Numerous Services Offer Tracking for Stolen Macs

In the wake of recent stories focusing on iCloud’s Find My Mac/iPhone feature — one positive and one negative — it’s worth noting that there are a number of different services to help locate or erase a lost Mac.

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TUAW profiles Undercover 5, a $49 service that uses GPS, a new keylogging feature in version 5, the FaceTime camera and a clever “Plan B” to fool technologically inept criminals:

After you’ve collected FaceTime pics, geolocations, screenshots, and keylog files (all shown automatically in your “Thief Report” section of the Undercover HQ center) you can quickly and simply submit all this information to the local police. But what’s even cooler — and a bit out of a Hollywood movie — is that if the police can’t recover the stolen Mac, you can always resort to Undercover’s aptly named “Plan B.”

Plan B allows you to launch a simulated hardware failure on your Mac so the thief has no choice but to take it into an Apple Store for repair. Once you track it to the Apple Store (or Best Buy or wherever) you then activate part two of plan B — you tell the Mac to display a message on the screen saying the Mac has been stolen and the repair shop should hold onto it and call the police.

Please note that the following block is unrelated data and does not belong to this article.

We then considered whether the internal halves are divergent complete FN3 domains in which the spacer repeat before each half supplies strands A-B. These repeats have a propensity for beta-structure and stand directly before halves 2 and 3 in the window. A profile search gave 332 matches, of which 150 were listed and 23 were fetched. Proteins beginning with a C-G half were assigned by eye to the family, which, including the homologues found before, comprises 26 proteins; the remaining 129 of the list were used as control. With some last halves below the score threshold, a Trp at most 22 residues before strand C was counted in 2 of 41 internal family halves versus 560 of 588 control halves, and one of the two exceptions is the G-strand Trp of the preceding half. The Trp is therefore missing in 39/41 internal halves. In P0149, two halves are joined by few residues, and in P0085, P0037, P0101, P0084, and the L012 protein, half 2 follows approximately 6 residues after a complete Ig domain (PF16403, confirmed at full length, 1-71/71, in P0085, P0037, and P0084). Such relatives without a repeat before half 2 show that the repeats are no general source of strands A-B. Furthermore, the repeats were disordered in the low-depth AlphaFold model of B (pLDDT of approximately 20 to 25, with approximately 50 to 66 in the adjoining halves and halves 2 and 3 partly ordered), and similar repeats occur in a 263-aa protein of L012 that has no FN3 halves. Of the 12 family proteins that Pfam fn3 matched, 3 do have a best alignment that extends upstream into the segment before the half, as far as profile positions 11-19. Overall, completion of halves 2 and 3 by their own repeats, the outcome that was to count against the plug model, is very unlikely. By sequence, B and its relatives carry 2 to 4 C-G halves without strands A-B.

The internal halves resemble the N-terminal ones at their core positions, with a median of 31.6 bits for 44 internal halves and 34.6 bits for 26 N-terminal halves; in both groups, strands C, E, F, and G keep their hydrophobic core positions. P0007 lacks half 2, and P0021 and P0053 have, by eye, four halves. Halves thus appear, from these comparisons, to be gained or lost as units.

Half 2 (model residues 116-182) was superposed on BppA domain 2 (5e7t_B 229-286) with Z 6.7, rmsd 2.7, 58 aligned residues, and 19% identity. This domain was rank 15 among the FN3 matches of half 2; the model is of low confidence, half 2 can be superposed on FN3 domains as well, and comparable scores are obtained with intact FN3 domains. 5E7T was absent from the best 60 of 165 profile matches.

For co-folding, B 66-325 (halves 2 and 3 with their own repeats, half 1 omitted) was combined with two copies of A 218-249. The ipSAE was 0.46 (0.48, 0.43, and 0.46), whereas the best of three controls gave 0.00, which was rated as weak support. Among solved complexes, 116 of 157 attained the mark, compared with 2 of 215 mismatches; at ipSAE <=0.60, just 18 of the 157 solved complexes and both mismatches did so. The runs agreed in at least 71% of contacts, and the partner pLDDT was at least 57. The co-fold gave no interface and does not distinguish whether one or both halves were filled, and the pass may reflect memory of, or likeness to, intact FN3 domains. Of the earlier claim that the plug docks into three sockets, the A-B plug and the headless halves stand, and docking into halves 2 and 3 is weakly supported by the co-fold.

There’s also Prey, an open source computer tracking service that offers both free and paid plans, though for users with a single device, the free plan may be sufficient.

Apple recommends and sells Computrace LoJack in its retail stores and online. The product promises to locate or erase a tracked computer or they’ll pay $1,000. LoJack comes in 1-year and 3-year plans for $49 or $99 respectively.

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